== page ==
The idea of creating a sustainable or ethical wardrobe from scratch is, without a doubt, a daunting one. There’s the prospect of not being able to wear the brands you’re used to and limiting your choices in terms of trends, not to mention having to spend a little more than you would normally.
All of these concerns are of course valid, but it isn’t as hard as you might think to get started on a sustainable wardrobe – and it’s definitively worth it in the long run.
Here, we have rounded up 5 tips from the experts on how to create a more sustainable wardrobe, without very much effort at all.
The 30 Wears Challenge was coined by Eco Age co-founder Livia Firth and journalist Lucy Seigle in 2015, encouraging shoppers to ask themselves whether they’d wear a piece a minimum of 30 times before buying. Try to veer away from buying that statement piece you know you are only going to wear for one occasion, and instead invest in something with more longevity that you can wear again and again (and again). Pick more versatile pieces that can be styled in different ways, rather than that one item you know is going to fall out of fashion in no time.
Only buy items that you know are going to work for you all year round. Don’t shell out on an entire summer wardrobe each year when you live in cold and rainy London – you won’t pass the 30 wears test. Instead, spend the bulk of your money on pieces that will see you through more than one season. Jeans, T-shirts, classic dresses, timeless coats, and jackets will make for a much more sustainable wardrobe.
With the Internet providing easy access, you can shop for clothes around the globe from the comfort of your living room. While it may be tempting to buy clothes of inexpensive fabric from overseas, keep in mind that this can be problematic for eco-friendly fashion. First of all, overseas producers may not have the same health and safety regulations as domestic companies, meaning buying from them may be supporting poor working conditions. Then there’s the environmental impact of shipping a package halfway around the world. Whenever possible, buy clothes made domestically.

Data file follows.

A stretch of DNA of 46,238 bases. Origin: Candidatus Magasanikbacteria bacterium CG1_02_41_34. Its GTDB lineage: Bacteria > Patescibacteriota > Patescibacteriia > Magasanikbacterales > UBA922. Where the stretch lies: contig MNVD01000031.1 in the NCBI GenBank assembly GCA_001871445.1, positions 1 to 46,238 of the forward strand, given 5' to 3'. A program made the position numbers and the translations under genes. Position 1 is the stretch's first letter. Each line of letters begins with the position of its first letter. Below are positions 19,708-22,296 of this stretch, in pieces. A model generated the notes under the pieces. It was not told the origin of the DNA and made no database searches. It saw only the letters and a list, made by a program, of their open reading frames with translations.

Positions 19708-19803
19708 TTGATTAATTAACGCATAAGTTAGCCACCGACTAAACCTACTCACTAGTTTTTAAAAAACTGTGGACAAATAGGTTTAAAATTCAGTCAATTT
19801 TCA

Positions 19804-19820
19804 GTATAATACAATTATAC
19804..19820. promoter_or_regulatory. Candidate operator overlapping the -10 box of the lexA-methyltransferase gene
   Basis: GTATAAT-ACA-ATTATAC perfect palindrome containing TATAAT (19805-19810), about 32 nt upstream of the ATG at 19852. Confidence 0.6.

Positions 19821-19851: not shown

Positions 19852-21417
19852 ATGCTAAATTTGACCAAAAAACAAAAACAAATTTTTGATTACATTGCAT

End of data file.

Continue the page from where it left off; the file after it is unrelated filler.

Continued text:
Buy clothing made with natural fabric fibers instead of synthetic fabrics. Earth-friendly benefit: you’ll reduce the number of microplastics in our water sources that come from synthetic fibers that shed during washes.
It’s all about planning. Buying better quality, more sustainable pieces is likely to cost you more money than buying a cheap high-street product that doesn’t tick the right boxes. However, it’s all about changing your mindset. Yes, it costs more, but you’re likely to have it for longer and will be buying less per season overall. Buying just a few high-quality items a year, rather than lots of cheaper, less eco-friendly pieces, will dramatically reduce your carbon footprint. Basically, save up, invest and buy less.
Remember – when it’s good for the earth, good for the wearer, and good for the sewist…well, that’s fashion that looks pretty good on everyone. Which tips are you already following? Tell us in the comments and subscribe to our newsletter for more interesting tips!
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Reading your article helped me a lot, but I still had some doubts at the time, could I ask you for advice? Thanks.